Tuesday, January 31, 2012

Bleak House


This Winter has been so warm and so strange. Instead of the Winter blasted landscape we would expect, we have warm Spring sun and little rain, no snow, no ice. The native plants are still in hiding and frogs are already  singing in the shallow puddles from our last rain. 

Blackberry hedge in Winter
Today I'll be joining Town Mouse at her First Views blog reality check. I love this because it keeps me honest and gives me great benchmarks to look back on and a deadline to meet. It's fun  to look back and remember each season and someday each year. Isn't that what garden blogging is really about? I also love seeing all those beautiful native gardens! Thanks Mouse!


When I look at our place this time of year all the barren space makes me think of how it was when we first moved here and all the new decisions we had to make. See this giant expanse of rock? Not pretty is it? There is a reason for it though. If you want your home defended from wildfire, you need an open space for firetrucks to drive down and turn around.

And why all that rock anyway? Mud. Vehicle engulfing mud.

Here's our sea of rock looking up the hill. Why didn't we just build on top? Again more reasons, considerations, limitations unique to rural homes. Dust! The answer is dust. Never ever build your home on a dusty road unless you enjoy being smothered in dust.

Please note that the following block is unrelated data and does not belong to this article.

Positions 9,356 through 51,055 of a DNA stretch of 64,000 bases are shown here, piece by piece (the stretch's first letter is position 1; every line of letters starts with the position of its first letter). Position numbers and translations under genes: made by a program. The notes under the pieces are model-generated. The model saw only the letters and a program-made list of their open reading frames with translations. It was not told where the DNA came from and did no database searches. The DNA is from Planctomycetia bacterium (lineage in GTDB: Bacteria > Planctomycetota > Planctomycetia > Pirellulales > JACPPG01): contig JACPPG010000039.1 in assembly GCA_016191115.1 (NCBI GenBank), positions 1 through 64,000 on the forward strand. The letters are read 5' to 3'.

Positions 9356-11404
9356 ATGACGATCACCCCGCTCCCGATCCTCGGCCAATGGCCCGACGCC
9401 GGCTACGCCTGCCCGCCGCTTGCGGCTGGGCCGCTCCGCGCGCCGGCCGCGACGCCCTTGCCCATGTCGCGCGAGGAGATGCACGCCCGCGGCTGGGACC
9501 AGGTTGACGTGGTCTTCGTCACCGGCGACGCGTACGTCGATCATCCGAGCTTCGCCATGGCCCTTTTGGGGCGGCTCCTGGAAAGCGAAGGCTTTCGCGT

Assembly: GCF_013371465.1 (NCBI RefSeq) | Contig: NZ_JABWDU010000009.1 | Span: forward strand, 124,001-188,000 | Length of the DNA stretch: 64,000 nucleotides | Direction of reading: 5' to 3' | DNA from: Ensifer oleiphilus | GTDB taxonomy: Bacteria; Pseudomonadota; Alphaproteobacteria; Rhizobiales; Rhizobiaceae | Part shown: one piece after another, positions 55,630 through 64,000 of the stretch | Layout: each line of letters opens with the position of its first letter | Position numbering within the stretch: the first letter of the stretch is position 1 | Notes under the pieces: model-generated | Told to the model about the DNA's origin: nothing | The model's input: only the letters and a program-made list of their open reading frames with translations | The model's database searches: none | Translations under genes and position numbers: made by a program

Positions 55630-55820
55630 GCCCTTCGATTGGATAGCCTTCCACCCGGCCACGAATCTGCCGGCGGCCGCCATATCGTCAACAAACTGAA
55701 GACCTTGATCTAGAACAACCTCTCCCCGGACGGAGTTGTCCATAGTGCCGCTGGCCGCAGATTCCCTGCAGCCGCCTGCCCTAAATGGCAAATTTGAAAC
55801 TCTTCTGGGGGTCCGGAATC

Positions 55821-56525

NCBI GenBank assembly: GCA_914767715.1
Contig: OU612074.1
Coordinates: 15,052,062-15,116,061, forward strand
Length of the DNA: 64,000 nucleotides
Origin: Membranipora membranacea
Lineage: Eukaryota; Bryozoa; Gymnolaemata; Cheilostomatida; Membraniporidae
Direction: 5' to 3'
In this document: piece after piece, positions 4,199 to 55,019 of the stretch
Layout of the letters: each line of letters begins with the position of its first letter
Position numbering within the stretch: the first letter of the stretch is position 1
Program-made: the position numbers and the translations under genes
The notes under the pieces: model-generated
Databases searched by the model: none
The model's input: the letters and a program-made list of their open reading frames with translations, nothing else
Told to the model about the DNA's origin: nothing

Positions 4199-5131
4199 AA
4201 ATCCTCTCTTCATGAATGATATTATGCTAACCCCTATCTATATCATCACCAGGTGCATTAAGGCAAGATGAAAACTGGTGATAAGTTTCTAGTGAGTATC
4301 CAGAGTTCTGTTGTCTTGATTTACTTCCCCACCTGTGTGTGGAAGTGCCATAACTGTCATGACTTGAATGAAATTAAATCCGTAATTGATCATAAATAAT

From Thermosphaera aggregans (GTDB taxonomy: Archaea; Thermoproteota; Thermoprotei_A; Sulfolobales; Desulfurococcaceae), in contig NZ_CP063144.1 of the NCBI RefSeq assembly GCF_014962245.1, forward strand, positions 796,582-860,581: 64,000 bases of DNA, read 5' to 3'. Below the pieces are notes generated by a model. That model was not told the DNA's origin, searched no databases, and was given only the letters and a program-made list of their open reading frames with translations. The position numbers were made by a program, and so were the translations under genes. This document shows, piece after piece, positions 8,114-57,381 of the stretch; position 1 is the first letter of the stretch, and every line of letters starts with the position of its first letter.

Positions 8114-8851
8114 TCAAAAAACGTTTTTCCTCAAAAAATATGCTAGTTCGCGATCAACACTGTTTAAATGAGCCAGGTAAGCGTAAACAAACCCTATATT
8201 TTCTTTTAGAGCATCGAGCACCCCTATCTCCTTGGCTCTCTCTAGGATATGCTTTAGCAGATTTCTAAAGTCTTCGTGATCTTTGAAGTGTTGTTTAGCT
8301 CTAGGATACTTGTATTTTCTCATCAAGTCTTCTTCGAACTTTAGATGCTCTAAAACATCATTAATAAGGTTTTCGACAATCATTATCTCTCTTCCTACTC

View down the back hill
Why build on a hillside when it would be so much easier to build on flat land? Well, these are the foothills baby, and steeper is cheaper. We have seven and a half acres here. Why do we need all that land? We don't, but the county is zoned for five acre minimum parcels. My garden probably takes up less than an acre of land. The woodland below is totally wild. I love to walk there in the Spring when the wildflowers are out.


And why,



oh why all this grass? Five dogs, five cats, three kids and their horses, plus mud and dust does one big mess make. It would seem that mud and dust trump fine design, it does here anyway. The grass also really helps keep the house cool. I water and mow as little as possible and never fertilize. A few years back I planted White Dutch clover in the grass. It's beautiful and is always full of bees and butterflies.